FILM directing *
Woody Allen: Time is nature's way of keeping everything from happening at once.
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KEY TERMS: Glossary
Method for Directors?
ShowCases: 3 Sisters, Mikado, 12th Night, Hamlet, The Importance of Being Earnest, Dangerous Liaisons, Don Juan
prof. Anatoly Antohin Theatre UAF AK 99775 USA
In fact, I advise you to go into "your" Pre-Production zone, before everybody else, before it is called for. Be prepare, kid.
How to Read a FilmSubscribe to Open Class @ 200x Aesthetics
Film & Video Directing (Spring 2004): textbook Grammar of the Film Language by Daniel Arijon
Fundamentals : BioMethod
You know, maybe you are not film director. It's okay. Maybe you are a screen writer! Or a producer?One more time -- the time ratio: it takes years to put a movie together, months -- to get the producing machine, days -- to shoot, minutes -- on the screen.
You have to go through the whole experience once or twice before you will know who you are. Maybe you hate the production aspect of it? Pre-production period will give some taste of it.
production manager In your "shot-by-shot book each above topic should have a special section. The cast and crew must be on the contact lists (production manager, PM, builds the lists with the info regarding conflicts and etc.) IMAGES: You can keep your "scrap book" seperately, but for many the collection of the images proved to be very helpful (especially working with the camera person and designers, they can see what kind of effects or moods you are looking for).
The PRODUCER part is for your self-discipline, to look at your shooting script from a different, financial, perspective -- how much this or that shot will cost and if this is worthy.
I advise my students to use Editing Page not only while working on the script, but also again at the Preproduction cycle (you will use it again in the Post-production cycle, when you got the footage).
Also, I advise directors to keep their notebooks (or journals), so you can write down you think about, but something which is not ready to pass on the cast and the crew. You can see the breakdown of such an approach at HamletDreams online (the show I am doing in the Fall 2001). While the fasks becoming more complex moving through the production forest, you must keep the initial vision, this is the main resposibility of a director. You must communicated to everybody's involved constantly in order for them to work on the details.
In many film textbooks "mise-en-scene" defined as "the widly-used term for all the lements placed in a scene: setting, props, costume, makeup." Semiotic theory is the analysis of these elements as code or system of signs that creates meanings.Tips & Quotes:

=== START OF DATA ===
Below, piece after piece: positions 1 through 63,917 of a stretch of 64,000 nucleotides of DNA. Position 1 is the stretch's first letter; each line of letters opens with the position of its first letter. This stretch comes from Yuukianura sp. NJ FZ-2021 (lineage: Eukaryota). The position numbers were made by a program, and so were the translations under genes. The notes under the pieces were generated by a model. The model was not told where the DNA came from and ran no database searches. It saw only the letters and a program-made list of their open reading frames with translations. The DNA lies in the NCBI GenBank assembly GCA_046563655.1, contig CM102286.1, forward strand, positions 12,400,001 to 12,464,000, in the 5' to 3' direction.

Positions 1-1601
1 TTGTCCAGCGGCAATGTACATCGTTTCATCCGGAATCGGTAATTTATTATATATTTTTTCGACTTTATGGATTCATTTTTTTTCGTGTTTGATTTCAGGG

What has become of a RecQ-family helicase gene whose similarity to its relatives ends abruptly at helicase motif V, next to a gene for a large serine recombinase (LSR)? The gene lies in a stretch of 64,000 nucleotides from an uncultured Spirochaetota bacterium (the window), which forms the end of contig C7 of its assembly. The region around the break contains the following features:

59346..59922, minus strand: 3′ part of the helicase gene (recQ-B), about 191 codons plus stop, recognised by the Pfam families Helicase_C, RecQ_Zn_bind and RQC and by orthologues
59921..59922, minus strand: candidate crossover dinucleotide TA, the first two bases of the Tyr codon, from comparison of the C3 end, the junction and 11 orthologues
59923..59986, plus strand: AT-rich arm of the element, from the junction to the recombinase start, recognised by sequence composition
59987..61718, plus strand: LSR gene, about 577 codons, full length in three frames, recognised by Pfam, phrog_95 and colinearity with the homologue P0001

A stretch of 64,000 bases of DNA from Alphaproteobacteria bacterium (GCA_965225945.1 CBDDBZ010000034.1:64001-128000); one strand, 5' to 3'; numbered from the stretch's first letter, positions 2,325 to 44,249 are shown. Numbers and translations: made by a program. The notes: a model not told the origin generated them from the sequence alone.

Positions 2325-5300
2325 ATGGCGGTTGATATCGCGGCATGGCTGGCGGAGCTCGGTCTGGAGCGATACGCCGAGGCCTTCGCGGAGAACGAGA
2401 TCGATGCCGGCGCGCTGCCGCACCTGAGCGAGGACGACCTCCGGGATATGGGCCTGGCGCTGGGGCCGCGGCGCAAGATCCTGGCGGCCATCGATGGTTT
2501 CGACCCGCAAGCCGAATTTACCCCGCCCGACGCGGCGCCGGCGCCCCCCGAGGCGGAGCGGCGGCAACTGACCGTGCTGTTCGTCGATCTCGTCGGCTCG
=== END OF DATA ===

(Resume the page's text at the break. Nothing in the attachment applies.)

Once the major roles for a film have been cast, directors can begin preliminary run-throughs (rehearsals) to help actors develop their specific characters. The amount of rehearsal time afforded depends greatly on what the director wants, the availability of the actor, and the overall time constraints on the film. Generally rehearsals last 2-3 weeks before the actual shooting process begins.
Rehearsals can be very helpful in establishing relationships between actors and directors, along with determining if a specific scene plays out as believable or not. It is a time when the actors can give input, ask questions and collaborate with the director on whether a scene will relay well to the audience. If not, this is the time to make changes.
Different directors have differing points of view as to whether rehearsal is important to the overall production of the film or not. On one side there are those such as Paul Williams, "I am very actor oriented, and am very concerned with performance. I don't know how to do it without rehearsals. Next there are directors such as Bernardo Bertolicci, "I don't rehearse too much. I try, if I can."
Then there are directors such as Robert Altman, "I don't have any real rehearsal period. I'm embarrassed to rehearse because I don't know what to do." Finally, there are directors like Michael Winner, who don't believe in rehearsal for a film.
For the actor, rehearsals are not just about nailing a part or figuring it out, but also discovering if there will be chemistry between the actors. Actress Mary McDonnell (Passion Fish, Dances With Wolves) contends that the best actors are the ones who aren't afraid to make mistakes. Invariably, actors discover something about themselves as they move through rehearsal."
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Eisen: Anatoly, may I make an observation?
Anatoly: Of course, Sergey Michilovich...
Eisen: Oh, please, no those Russian patronimics, my friend. We both are dead; I am literaly, and you as a Russian. Call me Sergey, or even better, Serg!
Anatoly: Yes, sir. Serg, I mean.
Eisen: The observation. Focus on the small details. Do you remember my lectures? The transcripts from the directing class? Did they translate it?
Anatoly: No, not yet.
Eisen: Anyway, they must think about to place a chair, let say. Where? How actor should interact with it -- and with the camera! Let them try it in comedy genre -- and in drama. Make it practical. don't lecture, my boy. You understand?
Anatoly: But where will get the theory?
Eisen: Who cares? Somewhere, in the books. Let them practice.
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Part 5: Preproduction (textbook) 253
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